Tips About the Concrete

  • What is Concrete?

     

    Concrete is made up of three basic components: cement, water, and aggregate (sand, gravel, rock) in varying proportions.

     

    Cement acts as a primary binder to join the aggregate into a solid mass.

     

    Water is needed to chemically react with the cement (hydration) so the mixture solidifies.

     

    Note that cement is a component and, contrary to popular belief, not the same material. To define it more simply: when cement is mixed with the other ingredients, the cement and water form a paste that glues the aggregates into a rock-solid mass called concrete.

     

    Varying the proportions of the water and cement is known as the water/cement ratio. The lower the w/c ratio, the stronger the concrete (and the less porous). Changing the proportions allows it to have varying strength, density, and thermal resistance so that it works for the intended job.

     

    Types of Concrete

     

    Ready-mix is manufactured in a factory or batching plant, according to a set recipe, and then delivered to the work site. This results in a precise mixture and also allows for specialty mixes to be developed. But it also means less flexibility and a shorter shelf life.

     

    An alternative for the ready-mixed concrete is the use of mobile mixer concrete trucks which carry all of the ingredients to produce it in separate compartments. Once at the job site, the ingredients are measured, through calibrated controls, into the mixing device which ultimately produces the concrete. This results not only in the correct mixture but also the correct amount, eliminating waste.

     

    Reinforced concrete is imbedded with metal, usually steel. It can carry enormous loads and has great versatility in large construction projects including bridges, and arches.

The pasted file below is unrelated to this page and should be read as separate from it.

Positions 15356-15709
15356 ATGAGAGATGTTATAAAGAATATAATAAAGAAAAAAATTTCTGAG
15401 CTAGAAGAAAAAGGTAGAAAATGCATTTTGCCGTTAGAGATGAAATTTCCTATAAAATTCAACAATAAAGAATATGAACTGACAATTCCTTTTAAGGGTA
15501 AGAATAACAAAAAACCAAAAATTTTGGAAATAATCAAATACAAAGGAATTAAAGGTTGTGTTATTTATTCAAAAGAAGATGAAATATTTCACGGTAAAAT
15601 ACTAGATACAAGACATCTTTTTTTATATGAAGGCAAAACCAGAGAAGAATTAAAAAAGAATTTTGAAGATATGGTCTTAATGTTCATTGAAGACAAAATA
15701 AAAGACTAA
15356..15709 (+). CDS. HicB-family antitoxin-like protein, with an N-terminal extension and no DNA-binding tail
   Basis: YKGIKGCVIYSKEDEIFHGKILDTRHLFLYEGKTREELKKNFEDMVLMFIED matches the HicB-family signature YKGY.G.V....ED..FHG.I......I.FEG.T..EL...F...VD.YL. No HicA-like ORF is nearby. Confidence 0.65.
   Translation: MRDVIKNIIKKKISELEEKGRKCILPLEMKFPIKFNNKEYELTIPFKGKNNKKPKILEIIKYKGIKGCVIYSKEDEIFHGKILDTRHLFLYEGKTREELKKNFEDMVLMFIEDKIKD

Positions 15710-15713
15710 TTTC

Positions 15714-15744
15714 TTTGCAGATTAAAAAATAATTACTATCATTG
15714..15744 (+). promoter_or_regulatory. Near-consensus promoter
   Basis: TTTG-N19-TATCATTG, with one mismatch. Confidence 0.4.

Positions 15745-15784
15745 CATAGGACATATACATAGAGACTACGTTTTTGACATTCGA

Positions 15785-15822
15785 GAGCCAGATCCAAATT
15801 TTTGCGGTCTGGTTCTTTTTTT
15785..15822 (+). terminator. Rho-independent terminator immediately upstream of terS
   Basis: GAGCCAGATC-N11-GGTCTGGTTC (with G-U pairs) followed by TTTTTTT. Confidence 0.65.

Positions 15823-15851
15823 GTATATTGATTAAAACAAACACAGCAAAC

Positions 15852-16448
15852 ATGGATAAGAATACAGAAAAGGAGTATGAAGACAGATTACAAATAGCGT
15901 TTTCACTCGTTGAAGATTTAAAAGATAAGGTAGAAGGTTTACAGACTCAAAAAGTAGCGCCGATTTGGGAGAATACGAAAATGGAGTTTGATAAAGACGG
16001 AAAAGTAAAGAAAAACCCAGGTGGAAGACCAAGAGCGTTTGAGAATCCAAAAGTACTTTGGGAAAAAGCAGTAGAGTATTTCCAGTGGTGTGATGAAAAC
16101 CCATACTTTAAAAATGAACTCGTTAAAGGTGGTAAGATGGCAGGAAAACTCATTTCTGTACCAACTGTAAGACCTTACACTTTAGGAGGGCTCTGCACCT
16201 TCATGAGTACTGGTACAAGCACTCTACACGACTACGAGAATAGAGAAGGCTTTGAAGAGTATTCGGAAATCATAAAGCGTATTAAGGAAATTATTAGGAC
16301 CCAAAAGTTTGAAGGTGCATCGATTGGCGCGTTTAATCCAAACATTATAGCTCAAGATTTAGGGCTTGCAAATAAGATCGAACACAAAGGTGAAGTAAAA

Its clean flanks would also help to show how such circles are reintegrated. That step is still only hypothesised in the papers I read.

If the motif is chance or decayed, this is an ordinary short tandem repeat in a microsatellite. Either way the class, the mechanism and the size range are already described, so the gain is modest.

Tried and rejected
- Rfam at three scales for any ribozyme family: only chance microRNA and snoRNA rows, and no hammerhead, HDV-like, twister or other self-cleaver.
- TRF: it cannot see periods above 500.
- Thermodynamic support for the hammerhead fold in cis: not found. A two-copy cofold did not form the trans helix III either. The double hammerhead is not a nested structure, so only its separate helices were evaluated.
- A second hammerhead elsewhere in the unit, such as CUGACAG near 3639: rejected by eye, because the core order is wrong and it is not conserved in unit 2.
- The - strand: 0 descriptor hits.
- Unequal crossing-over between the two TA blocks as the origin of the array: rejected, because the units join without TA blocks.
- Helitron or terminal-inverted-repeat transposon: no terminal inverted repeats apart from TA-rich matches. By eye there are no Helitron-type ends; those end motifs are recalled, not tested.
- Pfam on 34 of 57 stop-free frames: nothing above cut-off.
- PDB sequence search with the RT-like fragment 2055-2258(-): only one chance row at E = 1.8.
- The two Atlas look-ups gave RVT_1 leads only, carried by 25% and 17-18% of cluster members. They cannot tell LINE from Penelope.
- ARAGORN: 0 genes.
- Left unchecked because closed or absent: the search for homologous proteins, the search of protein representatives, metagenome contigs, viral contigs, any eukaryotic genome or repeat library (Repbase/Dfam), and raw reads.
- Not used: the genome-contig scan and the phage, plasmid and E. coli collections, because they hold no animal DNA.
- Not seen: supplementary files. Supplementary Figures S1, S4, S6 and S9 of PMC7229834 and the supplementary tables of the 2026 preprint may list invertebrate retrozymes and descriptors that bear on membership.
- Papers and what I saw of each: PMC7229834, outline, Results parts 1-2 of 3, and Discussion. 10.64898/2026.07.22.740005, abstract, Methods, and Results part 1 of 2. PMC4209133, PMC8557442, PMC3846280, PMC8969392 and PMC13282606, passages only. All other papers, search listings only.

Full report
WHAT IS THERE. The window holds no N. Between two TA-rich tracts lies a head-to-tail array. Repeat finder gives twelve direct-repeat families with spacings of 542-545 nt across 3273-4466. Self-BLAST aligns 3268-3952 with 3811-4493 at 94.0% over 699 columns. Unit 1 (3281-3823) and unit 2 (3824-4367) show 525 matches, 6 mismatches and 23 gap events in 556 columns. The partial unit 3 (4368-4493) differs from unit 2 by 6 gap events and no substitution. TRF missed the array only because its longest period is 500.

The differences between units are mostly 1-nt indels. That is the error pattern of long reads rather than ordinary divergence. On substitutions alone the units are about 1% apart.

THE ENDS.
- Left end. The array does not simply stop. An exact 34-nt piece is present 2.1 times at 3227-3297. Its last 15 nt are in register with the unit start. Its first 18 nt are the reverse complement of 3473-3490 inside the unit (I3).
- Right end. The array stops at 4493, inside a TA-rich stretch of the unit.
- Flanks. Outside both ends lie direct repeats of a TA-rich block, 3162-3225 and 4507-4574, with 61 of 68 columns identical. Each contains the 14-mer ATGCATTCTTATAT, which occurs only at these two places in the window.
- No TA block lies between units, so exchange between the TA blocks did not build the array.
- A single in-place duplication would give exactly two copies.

Signs of Concrete Damage

     

    Curling or warping around edges and at corners are signs of concrete damage. Temperature causes curling; moisture causes warping. Blistering can occur when surface mortar separates from concrete. In addition, low spots in concrete will cause water to pool if no drainage exists.

     

    Surface cracks are an obvious sign of damage to concrete. Some may appear as secondary symptoms of other defects, and can be difficult to diagnose correctly. Fine random cracks or fissures may be seen when the concrete is drying after being moistened. Cracking that occurs in a three-point pattern is generally caused by drying shrinkage. Large pattern cracking, called map-cracking, can be caused by an alkaline-silica reaction within the concrete.

     

    The surface of concrete can disintegrate as well, evidenced by broken pieces, a dusty formation on the surface, and mortar flaking and scaling. Other defects include discoloration and small or large voids in the vertical placement of concrete.

     

    Concrete repair and replacement are jobs for specialized contractors. Although it can last thousands of years, concrete needs to be cared for to achieve the best results.